Calif. deputy fire chief abruptly resigns amid police investigation

Orange County Fire Authority Deputy Chief of Operations Mark "Pokey" Sanchez was questioned about alleged abuse of authority and impersonating a police officer


Tony Saavedra
The Orange County Register

ORANGE COUNTY, Calif. — The deputy chief of operations for the Orange County Fire Authority abruptly retired Friday amid an investigation by law enforcement for alleged abuse of authority and impersonating a police officer.

Mark "Pokey" Sanchez left his post immediately, although his retirement is not effective until Feb. 1.

Orange County Fire Authority Deputy Chief of Operations Mark
Orange County Fire Authority Deputy Chief of Operations Mark "Pokey" Sanchez has resigned amid a police investigation about alleged abuse of authority and impersonating a police officer. (Photo/Orange County Fire Authority)

"He has decided to get out of Dodge and I don't know all the reasons why," said Don Wagner, a member of the Fire Authority Board of Directors and the county Board of Supervisors. "He is out and that is a good thing."

The Orange County Sheriff's Department confirms it had investigated a complaint from a woman who alleged she was pulled over in Laguna Niguel on Dec. 11, 2019, by someone impersonating an officer. Sheriff's investigators determined in their probe that the suspect worked for the Orange County Fire Authority, said sheriff's spokeswoman Carrie Braun.

Kimberly Edds, a spokeswoman for the District Attorney's office, said prosecutors received information from an anonymous source about the complaint after the Sheriff's Department closed its investigation without referring it to the D.A.'s Office. Prosecutors reopened the investigation and determined that statements made by the former deputy chief to sheriff's deputies were untrue, Edds said. A second investigation is pending.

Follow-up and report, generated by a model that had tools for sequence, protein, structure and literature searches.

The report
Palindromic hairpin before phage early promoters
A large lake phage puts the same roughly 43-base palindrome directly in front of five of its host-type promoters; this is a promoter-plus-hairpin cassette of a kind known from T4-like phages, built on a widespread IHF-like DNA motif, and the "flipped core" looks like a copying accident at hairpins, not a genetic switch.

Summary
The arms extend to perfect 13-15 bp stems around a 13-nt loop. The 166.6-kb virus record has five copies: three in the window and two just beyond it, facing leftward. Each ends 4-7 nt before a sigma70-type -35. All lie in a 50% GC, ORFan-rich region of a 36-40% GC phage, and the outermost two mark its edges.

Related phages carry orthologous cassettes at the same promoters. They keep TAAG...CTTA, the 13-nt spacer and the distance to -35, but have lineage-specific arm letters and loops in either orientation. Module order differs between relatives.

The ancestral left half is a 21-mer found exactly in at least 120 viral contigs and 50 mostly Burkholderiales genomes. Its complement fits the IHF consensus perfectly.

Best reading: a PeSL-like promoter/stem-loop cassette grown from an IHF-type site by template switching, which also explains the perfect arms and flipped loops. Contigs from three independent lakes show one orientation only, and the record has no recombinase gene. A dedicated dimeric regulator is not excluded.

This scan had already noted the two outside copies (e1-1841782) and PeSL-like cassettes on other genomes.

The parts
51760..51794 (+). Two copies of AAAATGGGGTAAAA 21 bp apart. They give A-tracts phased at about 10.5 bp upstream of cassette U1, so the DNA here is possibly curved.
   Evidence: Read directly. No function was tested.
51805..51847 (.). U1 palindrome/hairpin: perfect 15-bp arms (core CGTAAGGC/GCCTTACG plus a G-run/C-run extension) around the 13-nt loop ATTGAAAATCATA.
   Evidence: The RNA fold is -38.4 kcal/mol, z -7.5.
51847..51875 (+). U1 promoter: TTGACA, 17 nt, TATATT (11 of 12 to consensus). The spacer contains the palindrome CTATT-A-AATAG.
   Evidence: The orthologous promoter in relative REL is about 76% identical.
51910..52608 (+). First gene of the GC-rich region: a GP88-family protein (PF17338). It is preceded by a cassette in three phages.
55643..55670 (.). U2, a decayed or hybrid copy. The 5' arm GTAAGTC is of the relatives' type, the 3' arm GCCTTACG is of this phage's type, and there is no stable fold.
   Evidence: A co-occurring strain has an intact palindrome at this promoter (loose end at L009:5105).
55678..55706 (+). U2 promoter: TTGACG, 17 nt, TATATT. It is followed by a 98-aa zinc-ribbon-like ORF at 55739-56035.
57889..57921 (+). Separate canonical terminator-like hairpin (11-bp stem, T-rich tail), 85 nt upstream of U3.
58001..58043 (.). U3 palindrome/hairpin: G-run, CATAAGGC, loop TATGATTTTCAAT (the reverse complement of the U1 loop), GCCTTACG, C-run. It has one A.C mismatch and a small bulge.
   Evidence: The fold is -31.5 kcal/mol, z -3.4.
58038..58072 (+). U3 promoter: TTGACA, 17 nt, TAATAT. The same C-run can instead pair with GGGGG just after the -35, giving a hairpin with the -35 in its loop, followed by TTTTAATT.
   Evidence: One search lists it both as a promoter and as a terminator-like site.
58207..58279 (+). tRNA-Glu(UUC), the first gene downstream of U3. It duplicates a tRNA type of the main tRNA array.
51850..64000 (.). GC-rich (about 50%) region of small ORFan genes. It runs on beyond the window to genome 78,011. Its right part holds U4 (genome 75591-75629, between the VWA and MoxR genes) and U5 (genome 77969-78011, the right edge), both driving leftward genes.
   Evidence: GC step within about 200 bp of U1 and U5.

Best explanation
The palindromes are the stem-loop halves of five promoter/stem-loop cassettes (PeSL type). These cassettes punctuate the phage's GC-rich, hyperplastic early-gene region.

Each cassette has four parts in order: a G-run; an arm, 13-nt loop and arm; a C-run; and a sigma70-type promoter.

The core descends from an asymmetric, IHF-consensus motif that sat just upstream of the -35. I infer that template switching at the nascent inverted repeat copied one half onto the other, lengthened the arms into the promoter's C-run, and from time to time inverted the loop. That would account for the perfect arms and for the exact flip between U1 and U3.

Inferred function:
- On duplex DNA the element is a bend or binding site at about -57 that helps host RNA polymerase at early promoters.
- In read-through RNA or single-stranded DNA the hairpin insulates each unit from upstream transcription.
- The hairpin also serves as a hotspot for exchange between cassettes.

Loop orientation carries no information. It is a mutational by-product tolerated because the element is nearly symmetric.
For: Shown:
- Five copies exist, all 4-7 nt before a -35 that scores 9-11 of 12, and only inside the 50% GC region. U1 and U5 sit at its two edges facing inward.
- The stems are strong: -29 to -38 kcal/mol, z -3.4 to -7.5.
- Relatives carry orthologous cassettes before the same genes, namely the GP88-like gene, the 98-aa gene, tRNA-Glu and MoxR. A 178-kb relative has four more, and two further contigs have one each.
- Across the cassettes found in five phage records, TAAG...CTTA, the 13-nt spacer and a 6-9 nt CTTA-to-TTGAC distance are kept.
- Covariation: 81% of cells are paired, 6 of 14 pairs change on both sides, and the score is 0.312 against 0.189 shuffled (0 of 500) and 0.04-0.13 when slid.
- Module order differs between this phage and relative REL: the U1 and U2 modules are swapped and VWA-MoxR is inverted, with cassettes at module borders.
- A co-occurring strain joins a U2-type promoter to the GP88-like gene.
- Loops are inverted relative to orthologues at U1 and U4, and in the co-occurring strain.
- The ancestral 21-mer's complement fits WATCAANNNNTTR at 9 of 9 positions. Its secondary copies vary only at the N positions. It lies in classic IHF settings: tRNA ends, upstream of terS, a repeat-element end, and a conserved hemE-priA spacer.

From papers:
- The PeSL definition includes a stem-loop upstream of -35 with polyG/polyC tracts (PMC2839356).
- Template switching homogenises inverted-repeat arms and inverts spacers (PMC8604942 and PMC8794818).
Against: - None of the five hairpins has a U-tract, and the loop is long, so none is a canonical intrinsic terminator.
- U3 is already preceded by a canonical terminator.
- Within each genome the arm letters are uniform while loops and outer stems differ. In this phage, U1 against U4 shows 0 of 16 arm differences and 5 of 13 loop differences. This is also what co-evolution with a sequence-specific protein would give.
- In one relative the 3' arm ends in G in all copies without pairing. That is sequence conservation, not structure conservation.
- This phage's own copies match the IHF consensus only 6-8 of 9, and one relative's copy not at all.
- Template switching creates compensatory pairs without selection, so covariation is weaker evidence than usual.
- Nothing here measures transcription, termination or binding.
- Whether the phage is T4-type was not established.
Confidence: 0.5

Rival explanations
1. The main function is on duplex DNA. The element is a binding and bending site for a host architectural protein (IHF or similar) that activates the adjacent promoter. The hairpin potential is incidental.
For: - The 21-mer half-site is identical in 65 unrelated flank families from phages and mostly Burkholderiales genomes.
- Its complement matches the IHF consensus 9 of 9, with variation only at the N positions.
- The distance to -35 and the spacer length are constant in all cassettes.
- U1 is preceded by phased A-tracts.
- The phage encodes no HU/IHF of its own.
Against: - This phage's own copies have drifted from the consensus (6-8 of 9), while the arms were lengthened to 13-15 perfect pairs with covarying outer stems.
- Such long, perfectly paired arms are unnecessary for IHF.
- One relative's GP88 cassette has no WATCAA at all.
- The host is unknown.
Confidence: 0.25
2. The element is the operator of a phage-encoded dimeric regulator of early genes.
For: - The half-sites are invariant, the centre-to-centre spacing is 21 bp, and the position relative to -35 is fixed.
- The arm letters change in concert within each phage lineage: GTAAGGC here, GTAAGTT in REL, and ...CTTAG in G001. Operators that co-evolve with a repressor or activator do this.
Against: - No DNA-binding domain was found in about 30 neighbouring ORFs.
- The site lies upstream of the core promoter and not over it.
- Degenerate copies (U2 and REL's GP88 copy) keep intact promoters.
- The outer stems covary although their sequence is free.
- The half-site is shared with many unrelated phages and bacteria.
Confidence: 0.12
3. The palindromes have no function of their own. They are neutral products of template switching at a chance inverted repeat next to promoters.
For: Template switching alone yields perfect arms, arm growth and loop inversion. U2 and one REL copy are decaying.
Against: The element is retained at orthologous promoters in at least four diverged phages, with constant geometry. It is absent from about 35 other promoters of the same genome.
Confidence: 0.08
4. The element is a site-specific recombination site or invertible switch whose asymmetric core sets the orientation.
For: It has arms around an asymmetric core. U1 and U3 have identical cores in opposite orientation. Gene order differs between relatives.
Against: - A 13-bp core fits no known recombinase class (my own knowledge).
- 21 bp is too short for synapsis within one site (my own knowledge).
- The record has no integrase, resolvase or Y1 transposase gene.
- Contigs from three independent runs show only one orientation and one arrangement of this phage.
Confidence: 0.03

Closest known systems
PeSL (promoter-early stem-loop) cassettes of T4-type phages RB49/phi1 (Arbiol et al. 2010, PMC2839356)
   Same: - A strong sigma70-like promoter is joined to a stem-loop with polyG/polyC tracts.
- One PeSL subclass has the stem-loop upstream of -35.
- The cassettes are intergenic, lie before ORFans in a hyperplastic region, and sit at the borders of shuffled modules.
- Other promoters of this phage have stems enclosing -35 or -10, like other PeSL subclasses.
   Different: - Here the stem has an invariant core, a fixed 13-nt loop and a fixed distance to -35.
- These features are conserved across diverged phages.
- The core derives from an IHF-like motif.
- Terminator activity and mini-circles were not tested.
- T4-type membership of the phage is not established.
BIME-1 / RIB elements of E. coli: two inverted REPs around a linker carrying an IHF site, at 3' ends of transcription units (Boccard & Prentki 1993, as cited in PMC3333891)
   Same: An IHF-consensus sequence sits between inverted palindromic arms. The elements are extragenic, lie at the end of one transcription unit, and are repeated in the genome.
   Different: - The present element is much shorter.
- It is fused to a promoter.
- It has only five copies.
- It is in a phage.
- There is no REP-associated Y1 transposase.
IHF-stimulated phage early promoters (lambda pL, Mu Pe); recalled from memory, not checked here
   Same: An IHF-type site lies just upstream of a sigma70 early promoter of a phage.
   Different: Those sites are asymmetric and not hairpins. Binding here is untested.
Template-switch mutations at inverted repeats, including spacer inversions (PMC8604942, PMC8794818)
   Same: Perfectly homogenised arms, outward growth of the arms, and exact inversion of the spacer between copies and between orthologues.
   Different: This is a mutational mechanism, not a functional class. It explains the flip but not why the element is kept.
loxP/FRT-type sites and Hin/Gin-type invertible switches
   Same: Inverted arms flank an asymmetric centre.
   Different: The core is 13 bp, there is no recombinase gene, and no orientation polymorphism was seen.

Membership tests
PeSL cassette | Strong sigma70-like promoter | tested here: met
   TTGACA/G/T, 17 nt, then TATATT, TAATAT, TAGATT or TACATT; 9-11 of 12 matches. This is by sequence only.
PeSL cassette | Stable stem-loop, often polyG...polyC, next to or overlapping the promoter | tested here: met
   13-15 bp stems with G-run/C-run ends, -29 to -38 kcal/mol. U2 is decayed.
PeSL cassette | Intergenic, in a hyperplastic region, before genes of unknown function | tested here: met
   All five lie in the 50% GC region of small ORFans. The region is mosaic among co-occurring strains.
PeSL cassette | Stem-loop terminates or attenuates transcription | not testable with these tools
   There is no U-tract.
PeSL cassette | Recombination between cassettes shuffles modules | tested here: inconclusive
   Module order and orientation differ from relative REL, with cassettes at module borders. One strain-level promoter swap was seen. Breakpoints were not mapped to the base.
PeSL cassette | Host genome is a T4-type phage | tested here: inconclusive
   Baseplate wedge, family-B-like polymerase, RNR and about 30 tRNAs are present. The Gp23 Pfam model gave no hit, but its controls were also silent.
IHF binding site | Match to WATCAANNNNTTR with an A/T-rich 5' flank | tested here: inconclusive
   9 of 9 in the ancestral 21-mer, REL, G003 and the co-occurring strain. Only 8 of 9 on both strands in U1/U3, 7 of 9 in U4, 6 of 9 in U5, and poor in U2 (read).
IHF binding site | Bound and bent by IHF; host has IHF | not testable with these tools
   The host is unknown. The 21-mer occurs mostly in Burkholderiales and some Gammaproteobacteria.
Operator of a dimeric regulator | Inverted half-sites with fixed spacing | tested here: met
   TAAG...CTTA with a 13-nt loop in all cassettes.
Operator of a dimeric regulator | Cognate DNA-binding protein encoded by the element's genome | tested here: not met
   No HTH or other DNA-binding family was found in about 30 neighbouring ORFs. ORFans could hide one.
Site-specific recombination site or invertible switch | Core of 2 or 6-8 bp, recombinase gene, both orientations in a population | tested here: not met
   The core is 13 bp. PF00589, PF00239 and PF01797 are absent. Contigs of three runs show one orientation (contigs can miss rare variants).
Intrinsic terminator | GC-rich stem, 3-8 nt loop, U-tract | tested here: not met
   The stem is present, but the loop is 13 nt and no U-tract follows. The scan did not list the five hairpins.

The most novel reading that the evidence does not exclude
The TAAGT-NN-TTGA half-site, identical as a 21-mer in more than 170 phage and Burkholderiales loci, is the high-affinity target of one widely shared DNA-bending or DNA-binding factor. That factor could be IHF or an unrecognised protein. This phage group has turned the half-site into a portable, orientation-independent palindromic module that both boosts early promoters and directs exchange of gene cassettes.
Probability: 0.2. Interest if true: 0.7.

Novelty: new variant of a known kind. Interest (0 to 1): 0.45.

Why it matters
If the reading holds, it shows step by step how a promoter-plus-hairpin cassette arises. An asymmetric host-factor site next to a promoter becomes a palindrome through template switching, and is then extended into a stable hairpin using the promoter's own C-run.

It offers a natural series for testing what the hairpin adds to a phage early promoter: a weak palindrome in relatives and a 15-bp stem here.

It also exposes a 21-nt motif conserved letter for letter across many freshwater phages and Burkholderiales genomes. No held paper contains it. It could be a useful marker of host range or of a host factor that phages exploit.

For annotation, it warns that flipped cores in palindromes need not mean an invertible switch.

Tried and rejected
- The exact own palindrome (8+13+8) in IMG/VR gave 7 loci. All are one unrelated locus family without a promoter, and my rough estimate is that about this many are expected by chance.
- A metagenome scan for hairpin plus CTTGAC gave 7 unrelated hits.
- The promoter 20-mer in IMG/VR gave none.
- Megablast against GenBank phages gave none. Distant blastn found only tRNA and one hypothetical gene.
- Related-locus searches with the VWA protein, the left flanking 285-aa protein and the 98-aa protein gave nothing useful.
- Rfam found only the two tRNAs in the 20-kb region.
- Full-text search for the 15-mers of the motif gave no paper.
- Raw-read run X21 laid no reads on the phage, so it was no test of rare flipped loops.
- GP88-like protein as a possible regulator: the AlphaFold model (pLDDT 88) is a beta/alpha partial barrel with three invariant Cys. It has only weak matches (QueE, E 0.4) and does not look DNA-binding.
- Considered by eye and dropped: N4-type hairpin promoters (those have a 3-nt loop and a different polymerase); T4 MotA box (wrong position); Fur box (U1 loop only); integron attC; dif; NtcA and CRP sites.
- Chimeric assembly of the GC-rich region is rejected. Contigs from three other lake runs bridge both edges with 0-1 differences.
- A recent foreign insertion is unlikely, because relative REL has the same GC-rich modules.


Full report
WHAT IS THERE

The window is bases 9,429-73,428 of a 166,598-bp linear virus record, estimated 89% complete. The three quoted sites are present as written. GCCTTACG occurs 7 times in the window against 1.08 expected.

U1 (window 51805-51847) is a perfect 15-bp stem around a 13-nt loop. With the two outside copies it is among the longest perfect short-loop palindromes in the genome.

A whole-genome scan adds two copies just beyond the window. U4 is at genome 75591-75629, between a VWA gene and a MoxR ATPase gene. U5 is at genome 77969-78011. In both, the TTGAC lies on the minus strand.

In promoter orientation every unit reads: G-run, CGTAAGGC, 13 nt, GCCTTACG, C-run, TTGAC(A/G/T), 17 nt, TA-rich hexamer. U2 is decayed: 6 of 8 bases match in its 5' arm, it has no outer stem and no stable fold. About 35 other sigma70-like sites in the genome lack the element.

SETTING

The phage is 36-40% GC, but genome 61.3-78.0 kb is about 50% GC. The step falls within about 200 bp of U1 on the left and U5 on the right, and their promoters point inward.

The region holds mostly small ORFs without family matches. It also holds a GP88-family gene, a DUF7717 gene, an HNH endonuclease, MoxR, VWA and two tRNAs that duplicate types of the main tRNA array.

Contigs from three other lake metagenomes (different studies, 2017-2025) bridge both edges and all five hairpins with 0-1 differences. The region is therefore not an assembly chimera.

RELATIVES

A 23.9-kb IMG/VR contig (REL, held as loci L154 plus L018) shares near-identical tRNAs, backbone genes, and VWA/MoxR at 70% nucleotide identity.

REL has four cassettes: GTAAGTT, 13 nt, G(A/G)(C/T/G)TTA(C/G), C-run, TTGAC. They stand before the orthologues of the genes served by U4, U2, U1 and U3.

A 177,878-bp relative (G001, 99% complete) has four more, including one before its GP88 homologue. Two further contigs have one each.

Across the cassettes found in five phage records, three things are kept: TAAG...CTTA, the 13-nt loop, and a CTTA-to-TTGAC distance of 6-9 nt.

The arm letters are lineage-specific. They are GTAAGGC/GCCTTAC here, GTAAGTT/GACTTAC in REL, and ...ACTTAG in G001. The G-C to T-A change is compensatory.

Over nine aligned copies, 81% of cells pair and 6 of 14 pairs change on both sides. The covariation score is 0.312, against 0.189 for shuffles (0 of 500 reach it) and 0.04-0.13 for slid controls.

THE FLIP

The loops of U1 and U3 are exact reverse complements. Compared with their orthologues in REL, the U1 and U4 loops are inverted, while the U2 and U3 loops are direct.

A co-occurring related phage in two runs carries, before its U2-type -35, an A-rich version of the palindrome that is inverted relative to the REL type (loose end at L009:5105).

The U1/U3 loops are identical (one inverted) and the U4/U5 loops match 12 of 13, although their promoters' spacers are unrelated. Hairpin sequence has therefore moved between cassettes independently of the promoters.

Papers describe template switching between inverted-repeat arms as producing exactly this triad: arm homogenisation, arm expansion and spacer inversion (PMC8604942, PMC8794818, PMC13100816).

The Fire Authority website said Sanchez has been with the agency 35 years, most recently 11 years as a battalion chief.

The page described him as a "self-motivated" chief officer with a record of success in leadership. His biography says he was able to develop effectiveness, efficiency, and maturity in subordinates through his innovative leadership style. He was named the OCFA's Manager of the Year in 2012.

"Since I can remember, I wanted to be a firefighter," Sanchez wrote in an email to the fire agency Friday. "After so many years in the fire service, I can honestly say that it was everything I had dreamed it would be. I am more than fulfilled."

He continued: "Taking off the badge is bittersweet. I will always have a servant's heart and I cherish every day I had the honor to serve the public and you!"

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(c)2021 The Orange County Register (Santa Ana, Calif.)

McClatchy-Tribune News Service

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